Russell Simmons Sheds Light on Def Jam Split With Rick Rubin

Annabel Mehran
Rick Rubin

Hip-hop founding father and entrepreneur Russell Simmons shed some light on the mystery surrounding his split with Def Jam Records founder Rick Rubin recently in an interview with DJ Vlad, posted Sunday on his Vlad TV YouTube channel.

Simmons gave a deceptively simple reason for one of the most momentous partnership dissolutions in music history, saying the two simply drifted apart as their priorities changed over time.

"Well, if he's making Slayer and I'm over here making Oran 'Juice' Jones where's the common thread?" he said in response to a direct question about the break up. "We should have been in the studio making Run DMC, that's what I think. We should've made the next Run DMC album. He wasn't really ready to make Public Enemy because they didn't want anybody near them."

Rubin left the company in 1988 after losing a power struggle with Lyor Cohen. Neither Simmons nor Rubin have had much to say about their split in the decades since, making it one of music's great mysteries.

Simmons also eventually cashed out when his attention was drawn to his other business ventures. He remembers having to be reminded who Kanye West was, even though he'd signed him. And his sum total of his involvement in DMX's career was three business meetings. 

"I build shit and then when everybody's smarter than me, I get out the way," Simmons said. "And it was perfect timing. I sold just in time. If we were seeking money, we got out at the right time. Everything crashed after that."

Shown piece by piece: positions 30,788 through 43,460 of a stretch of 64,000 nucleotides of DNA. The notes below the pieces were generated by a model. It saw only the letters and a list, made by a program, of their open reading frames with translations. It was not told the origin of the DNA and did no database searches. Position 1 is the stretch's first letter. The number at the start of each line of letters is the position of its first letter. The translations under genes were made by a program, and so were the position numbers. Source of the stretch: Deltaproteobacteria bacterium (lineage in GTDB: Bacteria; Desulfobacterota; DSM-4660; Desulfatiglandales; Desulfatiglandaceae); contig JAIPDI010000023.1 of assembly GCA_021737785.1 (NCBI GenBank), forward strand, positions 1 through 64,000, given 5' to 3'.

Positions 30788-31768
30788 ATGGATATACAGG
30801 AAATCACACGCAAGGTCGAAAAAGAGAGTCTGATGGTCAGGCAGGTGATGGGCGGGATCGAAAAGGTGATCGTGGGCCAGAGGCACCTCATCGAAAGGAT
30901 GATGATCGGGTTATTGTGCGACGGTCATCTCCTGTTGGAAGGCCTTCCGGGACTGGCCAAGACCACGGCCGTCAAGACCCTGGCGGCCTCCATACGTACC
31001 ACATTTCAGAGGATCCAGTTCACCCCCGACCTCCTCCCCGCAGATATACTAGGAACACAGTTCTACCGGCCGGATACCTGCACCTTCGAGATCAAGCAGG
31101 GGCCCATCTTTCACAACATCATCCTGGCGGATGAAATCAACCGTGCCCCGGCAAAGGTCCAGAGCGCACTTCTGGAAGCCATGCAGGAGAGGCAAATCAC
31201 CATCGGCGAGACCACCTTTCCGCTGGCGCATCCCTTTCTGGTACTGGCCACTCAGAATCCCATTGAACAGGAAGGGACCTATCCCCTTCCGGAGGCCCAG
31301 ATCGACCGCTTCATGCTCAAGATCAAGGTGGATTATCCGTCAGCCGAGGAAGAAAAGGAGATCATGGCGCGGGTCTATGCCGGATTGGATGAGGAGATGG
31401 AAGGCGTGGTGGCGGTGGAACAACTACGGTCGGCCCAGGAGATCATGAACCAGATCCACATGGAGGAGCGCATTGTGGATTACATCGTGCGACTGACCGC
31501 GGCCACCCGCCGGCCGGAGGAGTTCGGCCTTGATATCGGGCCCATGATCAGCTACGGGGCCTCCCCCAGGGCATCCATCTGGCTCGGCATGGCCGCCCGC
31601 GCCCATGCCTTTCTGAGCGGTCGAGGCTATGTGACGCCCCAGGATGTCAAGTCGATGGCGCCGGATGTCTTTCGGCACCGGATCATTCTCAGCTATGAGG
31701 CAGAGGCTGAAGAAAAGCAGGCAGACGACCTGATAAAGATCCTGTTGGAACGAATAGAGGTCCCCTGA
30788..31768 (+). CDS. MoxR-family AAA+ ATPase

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The wide-ranging interview also covered the importance of Public Enemy to Def Jam's legacy – "Public Ememy made the record (It Takes a Nation of Millions …) that defined Def Jam Records, in my opinion" – and Simmons' view on rap beefs.

"I ain't never had a rap beef and I ain't scared of nobody on the planet," Simmons said. When Vlad mentioned Public Enemy MC Chuck D and the Beastie Boys, who have called out Simmons in the past, Simmons said he's gone back and worked out all his disagreements.

"People get mad," Simmons said. "I try not to hurt people. I never do anything I think is going to hurt people, if I can help it. So artists get mad, they got a right to be mad. It's their job. They're artists."